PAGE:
Meditation and prayers are a significant part of Navaratri vrat. These will help soothe your senses, body, mind, and soul. In short, fasting during Navaratri can exercise self-control, self-discipline, and self-control.

Food - Then and Now!

Food - Then and Now! 0

Once upon a time, our breakfast was not only nutritious but filling and home cooked. There was no addition of any artificial flavours, colours or preservatives. We used to eat clean food and its consequence was seen in terms of good health, glowing skin and healthy hair growth.

Breakfast - Then

Breakfast - Now

  1. Upma
  2. Poha
  3. Ambli/porridge
  4. Idli/dosa/dhokla
  5. Parathas
  6. Poori bhaji
  1. Muesli
  2. Instant oats
  3. Fruits smoothie
  4. Ready to eat cereal flakes
  5. Quick to make noodles
  6. Bakery items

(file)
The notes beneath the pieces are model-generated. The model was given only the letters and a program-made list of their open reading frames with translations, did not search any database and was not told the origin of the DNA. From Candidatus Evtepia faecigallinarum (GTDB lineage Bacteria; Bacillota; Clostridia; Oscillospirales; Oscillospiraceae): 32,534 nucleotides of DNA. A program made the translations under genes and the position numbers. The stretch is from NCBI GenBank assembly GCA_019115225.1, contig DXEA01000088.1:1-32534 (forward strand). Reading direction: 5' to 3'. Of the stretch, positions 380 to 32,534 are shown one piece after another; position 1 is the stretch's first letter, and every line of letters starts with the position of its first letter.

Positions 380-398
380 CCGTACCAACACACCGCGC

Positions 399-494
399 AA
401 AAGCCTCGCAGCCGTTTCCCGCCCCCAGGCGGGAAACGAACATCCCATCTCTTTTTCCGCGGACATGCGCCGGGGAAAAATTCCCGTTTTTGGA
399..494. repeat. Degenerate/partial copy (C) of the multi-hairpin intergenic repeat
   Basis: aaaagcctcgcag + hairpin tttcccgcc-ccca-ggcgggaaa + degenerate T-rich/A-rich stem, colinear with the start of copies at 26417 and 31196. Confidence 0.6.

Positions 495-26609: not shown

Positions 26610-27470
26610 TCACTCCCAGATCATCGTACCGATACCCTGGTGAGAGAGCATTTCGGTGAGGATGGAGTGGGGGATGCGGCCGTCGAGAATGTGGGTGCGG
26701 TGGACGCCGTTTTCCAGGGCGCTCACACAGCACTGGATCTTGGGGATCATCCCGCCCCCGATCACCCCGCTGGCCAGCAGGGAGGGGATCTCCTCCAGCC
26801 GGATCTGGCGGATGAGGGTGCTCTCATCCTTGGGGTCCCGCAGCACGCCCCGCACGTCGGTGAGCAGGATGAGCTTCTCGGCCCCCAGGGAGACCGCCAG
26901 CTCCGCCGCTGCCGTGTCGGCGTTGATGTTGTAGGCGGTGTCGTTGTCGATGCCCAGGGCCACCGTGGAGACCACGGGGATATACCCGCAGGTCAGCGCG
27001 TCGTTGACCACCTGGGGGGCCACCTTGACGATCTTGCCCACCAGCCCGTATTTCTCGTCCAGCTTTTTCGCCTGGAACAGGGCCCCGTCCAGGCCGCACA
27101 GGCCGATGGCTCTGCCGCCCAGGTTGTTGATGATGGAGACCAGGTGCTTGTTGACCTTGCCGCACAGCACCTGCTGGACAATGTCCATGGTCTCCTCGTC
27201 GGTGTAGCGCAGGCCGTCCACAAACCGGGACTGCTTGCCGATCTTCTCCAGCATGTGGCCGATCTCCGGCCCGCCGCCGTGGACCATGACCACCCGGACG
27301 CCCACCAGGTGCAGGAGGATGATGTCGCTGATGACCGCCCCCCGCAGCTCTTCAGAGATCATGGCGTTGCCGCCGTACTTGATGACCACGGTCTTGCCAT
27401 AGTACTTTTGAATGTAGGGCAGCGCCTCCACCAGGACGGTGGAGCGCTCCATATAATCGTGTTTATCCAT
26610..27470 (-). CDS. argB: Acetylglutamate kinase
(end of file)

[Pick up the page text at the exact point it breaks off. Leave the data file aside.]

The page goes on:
End result: energy and protein rich food to keep you going till lunch time. Good addition of micronutrients, balanced meal to keep the energy levels high, prevent obesity or hunger pangs.

End result: feeling of satisfaction missing at the end of the meal, food high in salt, sugar, preservatives but low on fibre, micronutrients. Causes cravings and resultant overeating at the next meal.

“Mummy bhook lagi! Bas do minute”!!!

Now, the traditional Indian home cooked breakfast is replaced with ready to eat processed foods like cornflakes, muesli with added sugar, instant oats and even ready made mix for making upma/dosa/poha. 

In the last half century food processing has evolved greatly as a consequence of the industrialization and globalisation of food systems.

Excessive consumption of processed foods has given rise to obesity, diabetes, high blood pressure, autoimmune diseases etc.